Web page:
You might think you can’t expose your kids to culture due to budget concerns. Perhaps you worry about how they will behave at a big cultural event. Get tips for how to make this work!
I like to be a well-rounded person. Some people really like to hone in on one interest or talent and put all of their effort into that, and that is great for them if they like it that way, but that isn’t for me.
I like variety. I like variety in everything from how I do my hair each day to what my hobbies and interests are. I love football (Go Chiefs!). I also love musicals. I sing and I also play basketball.
Because of this, I am not just interested in taking my children to sporting events or just art museums or just the theatre. I want to take them to all of those things and more.
And that, of course, can get expensive and time-consuming. But I have a secret weapon.
The high school has lots of sports teams. The high school has plays and concerts. The high school has all of these events all at a much lower cost than the theatre or stadium downtown.
Why do I like that? Well, sometimes I take a child to something and find he/she actually isn’t mature enough to sit through the entire game or performance and we need to leave before it is over. Many times these events last later into the evening than I want to keep my child up. I feel less bad about leaving early when I paid less for the ticket.
Another bonus is that typically at high school events, there are a lot of families around. This is a more friendly environment for a child. I am not risking interrupting an experience for someone who paid $50 a ticket. It is a better environment for training a child how to behave at these events than the events where there are little to no children in attendance.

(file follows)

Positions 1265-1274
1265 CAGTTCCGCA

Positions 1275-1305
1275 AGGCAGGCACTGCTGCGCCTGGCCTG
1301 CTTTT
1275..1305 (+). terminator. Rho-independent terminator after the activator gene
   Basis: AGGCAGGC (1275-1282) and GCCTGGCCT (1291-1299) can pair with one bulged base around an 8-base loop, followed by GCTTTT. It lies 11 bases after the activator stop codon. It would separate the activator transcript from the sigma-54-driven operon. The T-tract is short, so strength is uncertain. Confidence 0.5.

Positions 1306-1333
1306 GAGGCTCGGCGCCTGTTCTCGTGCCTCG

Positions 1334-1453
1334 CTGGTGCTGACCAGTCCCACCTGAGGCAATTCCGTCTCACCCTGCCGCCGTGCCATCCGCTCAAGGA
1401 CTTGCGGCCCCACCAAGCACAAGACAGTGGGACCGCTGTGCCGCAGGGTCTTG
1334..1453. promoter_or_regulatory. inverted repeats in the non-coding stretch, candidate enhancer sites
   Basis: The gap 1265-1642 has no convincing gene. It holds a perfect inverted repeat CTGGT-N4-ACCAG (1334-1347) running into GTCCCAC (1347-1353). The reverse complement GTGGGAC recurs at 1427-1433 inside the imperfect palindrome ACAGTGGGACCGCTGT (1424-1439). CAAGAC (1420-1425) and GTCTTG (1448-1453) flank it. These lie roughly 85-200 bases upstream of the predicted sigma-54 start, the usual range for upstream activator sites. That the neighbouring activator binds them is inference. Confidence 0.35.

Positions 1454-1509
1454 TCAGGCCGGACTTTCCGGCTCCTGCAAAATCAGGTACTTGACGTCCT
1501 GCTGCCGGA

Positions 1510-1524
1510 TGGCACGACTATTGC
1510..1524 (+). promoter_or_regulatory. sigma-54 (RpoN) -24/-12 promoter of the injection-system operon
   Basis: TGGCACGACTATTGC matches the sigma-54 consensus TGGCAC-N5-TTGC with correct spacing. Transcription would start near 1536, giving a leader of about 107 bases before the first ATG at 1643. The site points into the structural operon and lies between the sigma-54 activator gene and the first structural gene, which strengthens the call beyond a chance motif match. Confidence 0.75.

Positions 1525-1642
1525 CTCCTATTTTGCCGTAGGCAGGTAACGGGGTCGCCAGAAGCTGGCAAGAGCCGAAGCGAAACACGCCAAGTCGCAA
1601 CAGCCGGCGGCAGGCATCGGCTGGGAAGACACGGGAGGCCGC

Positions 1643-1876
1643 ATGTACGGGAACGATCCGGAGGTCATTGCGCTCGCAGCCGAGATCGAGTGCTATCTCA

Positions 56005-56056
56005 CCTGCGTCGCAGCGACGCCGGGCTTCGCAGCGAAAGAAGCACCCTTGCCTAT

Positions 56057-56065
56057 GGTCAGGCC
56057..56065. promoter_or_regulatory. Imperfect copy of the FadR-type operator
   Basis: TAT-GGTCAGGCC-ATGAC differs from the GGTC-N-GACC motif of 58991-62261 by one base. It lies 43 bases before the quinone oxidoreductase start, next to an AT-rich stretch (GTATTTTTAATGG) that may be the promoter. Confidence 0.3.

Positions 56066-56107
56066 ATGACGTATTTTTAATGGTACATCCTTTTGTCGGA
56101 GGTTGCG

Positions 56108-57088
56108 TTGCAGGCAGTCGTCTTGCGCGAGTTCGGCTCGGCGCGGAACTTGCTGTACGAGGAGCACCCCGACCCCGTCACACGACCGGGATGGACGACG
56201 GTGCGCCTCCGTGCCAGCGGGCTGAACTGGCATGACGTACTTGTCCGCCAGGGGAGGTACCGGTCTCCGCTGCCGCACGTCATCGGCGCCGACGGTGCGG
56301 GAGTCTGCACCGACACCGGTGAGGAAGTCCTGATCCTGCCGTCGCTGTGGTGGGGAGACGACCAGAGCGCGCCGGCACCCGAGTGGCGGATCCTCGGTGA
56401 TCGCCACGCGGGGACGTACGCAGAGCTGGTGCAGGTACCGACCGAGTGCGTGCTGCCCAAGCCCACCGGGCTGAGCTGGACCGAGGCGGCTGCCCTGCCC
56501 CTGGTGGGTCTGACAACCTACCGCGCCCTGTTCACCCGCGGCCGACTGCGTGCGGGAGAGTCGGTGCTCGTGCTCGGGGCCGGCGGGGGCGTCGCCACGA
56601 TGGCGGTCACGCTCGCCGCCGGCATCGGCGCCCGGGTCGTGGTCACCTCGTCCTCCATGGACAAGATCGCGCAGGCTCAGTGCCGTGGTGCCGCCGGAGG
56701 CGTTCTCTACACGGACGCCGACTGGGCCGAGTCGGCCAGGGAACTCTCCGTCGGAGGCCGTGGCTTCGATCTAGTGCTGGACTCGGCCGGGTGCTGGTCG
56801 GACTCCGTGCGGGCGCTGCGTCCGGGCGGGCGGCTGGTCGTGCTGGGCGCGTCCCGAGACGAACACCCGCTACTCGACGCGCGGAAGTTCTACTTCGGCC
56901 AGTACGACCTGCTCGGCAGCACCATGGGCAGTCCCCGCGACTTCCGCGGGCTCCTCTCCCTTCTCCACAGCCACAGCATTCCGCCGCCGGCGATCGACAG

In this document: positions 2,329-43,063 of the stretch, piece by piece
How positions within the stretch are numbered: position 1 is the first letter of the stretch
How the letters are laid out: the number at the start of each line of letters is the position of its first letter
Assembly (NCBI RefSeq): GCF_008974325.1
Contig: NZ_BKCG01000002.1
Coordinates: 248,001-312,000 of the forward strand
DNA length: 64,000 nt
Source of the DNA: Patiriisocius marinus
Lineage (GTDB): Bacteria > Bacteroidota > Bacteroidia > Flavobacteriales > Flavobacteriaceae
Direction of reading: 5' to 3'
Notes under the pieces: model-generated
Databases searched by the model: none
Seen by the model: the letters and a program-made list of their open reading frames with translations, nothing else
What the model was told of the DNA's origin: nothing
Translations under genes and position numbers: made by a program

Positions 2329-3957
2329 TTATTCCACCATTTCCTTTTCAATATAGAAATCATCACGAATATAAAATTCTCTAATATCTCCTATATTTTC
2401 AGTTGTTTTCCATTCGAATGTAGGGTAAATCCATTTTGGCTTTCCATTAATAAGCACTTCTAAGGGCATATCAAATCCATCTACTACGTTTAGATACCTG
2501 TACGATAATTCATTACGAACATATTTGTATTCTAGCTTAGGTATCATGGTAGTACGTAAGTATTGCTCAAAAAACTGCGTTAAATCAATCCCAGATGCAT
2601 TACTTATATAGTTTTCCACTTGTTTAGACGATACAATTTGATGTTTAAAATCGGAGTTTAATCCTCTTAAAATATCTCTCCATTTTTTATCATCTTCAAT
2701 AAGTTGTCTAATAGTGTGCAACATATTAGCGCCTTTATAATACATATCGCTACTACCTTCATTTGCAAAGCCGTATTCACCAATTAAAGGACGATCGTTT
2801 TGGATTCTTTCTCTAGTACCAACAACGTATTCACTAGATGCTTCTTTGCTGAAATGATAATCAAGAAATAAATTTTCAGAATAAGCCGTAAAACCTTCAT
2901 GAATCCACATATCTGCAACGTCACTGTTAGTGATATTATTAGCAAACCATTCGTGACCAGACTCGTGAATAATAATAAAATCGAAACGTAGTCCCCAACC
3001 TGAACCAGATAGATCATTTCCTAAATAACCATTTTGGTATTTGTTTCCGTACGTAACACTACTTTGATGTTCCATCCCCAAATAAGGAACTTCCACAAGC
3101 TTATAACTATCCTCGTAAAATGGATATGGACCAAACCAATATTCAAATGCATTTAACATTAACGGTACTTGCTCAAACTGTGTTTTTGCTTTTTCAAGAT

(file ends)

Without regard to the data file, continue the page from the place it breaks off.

This isn’t to say we only attend events at the high school. Another great place to practice etiquette at events is at events specially designed for children. The circus, Disney On Ice, Thomas shows…those can all be fun and great events to go to with young ones.
We also sometimes go to the real deal. We go to the real ballet. We go to musicals put on by professionals. As much as possible, I like to take advantage of the matinee option for these events–then you take out the late-night factor.
I also like to do them as one-on-one dates. It is much easier to keep a child behaving appropriately when that child is on man-to-man defense. But I have taken more than one to things by myself before with no issues.
These events not only help expose your child to “culture,” they also create fond memories. I can’t see the University of Utah logo without remembering going to games with my dad. Anytime I hear a song from the Phantom of the Opera, I remember when my dad took my sister and me to a performance (which by the way was awesome of my dad because he is one of those people who focuses in on one thing–sports. Broadway is not his thing. But he went anyway).
If you are worried about how your kids might behave at a bigger event, work on “ask and tell”. Going to the high school and jr. high activities can help you get an idea of how your child will act. Ask and tell is another great tool to help you prep your kids and remind them of expectations.
So if you think you can’t afford culture in life, check out the high school (and Jr. High!) to see what they have to offer. You might be pleasantly surprised.